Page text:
Boost Your “Yield” By Writing Covered Calls
I’ve recently written some covered calls on two of my positions:
- Philip Morris Int’l (PM)
- Market Vector Gold Miners ETF (GDX)
I’ve done this because I believe the short term upside is limited (looking out to January or February 2010). By writing the covered calls, I become obligated to sell my position should the price of the stock increase to the strike price of the calls (example below). If the price stays put or falls, I hang on to the stock and keep the premiums from selling the calls. The only risk is if the stocks go higher than the strike price in the short time period ahead. This is a risk that I’m willing to take.
Both positions above represent long term positions for me. I am a believer in the fundamentals of both positions. Since GDX does not offer a dividend, it is nice to get some cash flow from the position from selling the calls. PM does have a dividend, so I’m “boosting” the yield through writing calls on the position.
Let’s look at a basic example so that you understand the strategy clearly…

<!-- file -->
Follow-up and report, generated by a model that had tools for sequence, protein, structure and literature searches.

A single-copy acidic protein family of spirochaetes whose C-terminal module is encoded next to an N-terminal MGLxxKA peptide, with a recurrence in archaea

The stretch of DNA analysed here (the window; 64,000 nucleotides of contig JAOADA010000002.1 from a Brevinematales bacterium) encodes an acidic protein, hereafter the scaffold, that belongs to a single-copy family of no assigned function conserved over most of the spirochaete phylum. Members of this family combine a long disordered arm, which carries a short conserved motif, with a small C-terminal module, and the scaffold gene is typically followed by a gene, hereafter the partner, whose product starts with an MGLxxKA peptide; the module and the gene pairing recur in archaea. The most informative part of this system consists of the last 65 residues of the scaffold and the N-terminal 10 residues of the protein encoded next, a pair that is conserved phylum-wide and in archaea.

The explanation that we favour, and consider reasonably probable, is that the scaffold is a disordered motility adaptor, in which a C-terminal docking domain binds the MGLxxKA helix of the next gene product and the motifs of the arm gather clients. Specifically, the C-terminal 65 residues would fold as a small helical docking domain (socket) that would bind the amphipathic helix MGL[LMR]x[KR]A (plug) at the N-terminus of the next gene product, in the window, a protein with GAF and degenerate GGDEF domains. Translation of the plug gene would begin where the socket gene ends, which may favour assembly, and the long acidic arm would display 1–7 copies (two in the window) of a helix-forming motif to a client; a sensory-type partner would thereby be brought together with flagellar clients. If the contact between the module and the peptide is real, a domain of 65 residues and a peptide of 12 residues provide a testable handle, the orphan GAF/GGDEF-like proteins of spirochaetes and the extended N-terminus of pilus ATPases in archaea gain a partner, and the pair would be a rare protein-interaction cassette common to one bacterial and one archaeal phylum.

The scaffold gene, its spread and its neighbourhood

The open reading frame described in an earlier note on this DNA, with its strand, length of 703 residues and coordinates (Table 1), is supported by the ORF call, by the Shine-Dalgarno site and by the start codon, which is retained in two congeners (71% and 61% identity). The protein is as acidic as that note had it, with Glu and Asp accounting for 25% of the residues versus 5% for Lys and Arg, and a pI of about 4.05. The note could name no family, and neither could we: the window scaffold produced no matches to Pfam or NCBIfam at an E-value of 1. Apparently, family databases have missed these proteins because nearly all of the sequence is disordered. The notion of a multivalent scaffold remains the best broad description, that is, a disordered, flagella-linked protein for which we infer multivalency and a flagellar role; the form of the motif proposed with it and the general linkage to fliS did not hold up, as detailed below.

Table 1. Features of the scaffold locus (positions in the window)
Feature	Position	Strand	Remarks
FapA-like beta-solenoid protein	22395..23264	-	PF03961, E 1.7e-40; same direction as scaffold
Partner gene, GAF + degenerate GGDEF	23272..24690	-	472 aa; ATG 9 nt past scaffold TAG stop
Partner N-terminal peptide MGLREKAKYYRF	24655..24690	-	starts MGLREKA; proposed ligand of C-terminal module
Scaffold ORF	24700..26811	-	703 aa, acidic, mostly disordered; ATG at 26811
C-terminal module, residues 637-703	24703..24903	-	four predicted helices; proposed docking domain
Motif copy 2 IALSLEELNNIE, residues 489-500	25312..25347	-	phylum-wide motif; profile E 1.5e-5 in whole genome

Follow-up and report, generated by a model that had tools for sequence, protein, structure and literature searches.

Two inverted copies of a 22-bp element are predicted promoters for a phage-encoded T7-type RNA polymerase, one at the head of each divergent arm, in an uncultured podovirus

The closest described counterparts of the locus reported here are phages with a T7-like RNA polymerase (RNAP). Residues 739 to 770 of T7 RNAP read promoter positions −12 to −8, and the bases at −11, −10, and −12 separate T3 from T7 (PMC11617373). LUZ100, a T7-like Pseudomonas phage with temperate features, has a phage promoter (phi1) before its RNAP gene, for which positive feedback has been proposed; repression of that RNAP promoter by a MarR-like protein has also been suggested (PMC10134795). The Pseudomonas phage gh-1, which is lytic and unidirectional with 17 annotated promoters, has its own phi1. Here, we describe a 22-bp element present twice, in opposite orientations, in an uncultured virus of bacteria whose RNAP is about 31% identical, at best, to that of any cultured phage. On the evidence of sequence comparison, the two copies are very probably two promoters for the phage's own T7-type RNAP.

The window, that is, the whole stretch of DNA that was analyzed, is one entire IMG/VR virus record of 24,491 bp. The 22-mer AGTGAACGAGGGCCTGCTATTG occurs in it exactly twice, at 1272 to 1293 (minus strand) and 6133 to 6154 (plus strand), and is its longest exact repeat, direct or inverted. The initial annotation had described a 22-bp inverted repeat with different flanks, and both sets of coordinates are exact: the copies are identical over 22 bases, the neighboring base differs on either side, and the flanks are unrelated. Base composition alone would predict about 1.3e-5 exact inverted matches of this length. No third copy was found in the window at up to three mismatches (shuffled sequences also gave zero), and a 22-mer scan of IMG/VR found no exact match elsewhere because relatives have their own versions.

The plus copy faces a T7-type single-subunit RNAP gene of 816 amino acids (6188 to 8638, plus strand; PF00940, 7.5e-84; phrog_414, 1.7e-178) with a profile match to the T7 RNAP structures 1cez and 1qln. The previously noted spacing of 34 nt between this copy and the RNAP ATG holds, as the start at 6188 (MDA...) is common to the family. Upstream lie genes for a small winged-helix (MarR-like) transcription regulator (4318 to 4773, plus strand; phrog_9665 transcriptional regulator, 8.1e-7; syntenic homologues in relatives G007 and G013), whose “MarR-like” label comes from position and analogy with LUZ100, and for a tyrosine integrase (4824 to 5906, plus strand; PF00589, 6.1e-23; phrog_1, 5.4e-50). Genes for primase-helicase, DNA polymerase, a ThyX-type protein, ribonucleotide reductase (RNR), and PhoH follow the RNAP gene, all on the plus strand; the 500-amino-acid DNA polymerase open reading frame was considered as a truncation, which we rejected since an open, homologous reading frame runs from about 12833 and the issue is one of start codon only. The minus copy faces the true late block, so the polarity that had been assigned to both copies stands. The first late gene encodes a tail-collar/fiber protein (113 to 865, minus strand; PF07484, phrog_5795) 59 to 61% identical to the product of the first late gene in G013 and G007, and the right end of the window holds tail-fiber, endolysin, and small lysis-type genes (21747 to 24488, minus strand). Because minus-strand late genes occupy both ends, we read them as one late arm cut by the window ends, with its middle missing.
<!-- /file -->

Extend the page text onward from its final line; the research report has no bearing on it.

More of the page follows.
Let’s say company X has a stock that is selling for $50 and I currently own 100 shares of it. I love the company and want to hold the stock, but I’m not sure there is much upside left (it’s had a nice run recently) over the short term. I am going to sell the February calls with a strike price of $55 for a premium of $.70. I sell one contract (equals 100 shares) for $70 and am now obligated to sell my shares of X should the price rise from $50 to $55 by February (the expiration date).
The $70 I have collected is basically a 1.4% return on the position ($50 x 100 = $5000). But, the return is only over a 2 month time span, so annualized the return would be 8.4%. If company X were paying a dividend, I’d still be collecting this too.
As you can see, you can potentially get a very large return on your positions by combining a dividend yield and some covered calls. Now, if you keep writing calls on your positions, you will almost definitely eventually hit your strike price and be forced to sell your stock. It’s important to understand this.
Taking a look at the current market, it might be a good opportunity to sell some calls on your positions that have had a good run. If you hit the strike and have to sell the stock, maybe it’s not such a big deal since you’re just cashing in a big profit. If the stock corrects, you will outperform the stock due to the premium collected on the trade.
I will keep you up to date with how this strategy works out on my two positions: GDX & PM.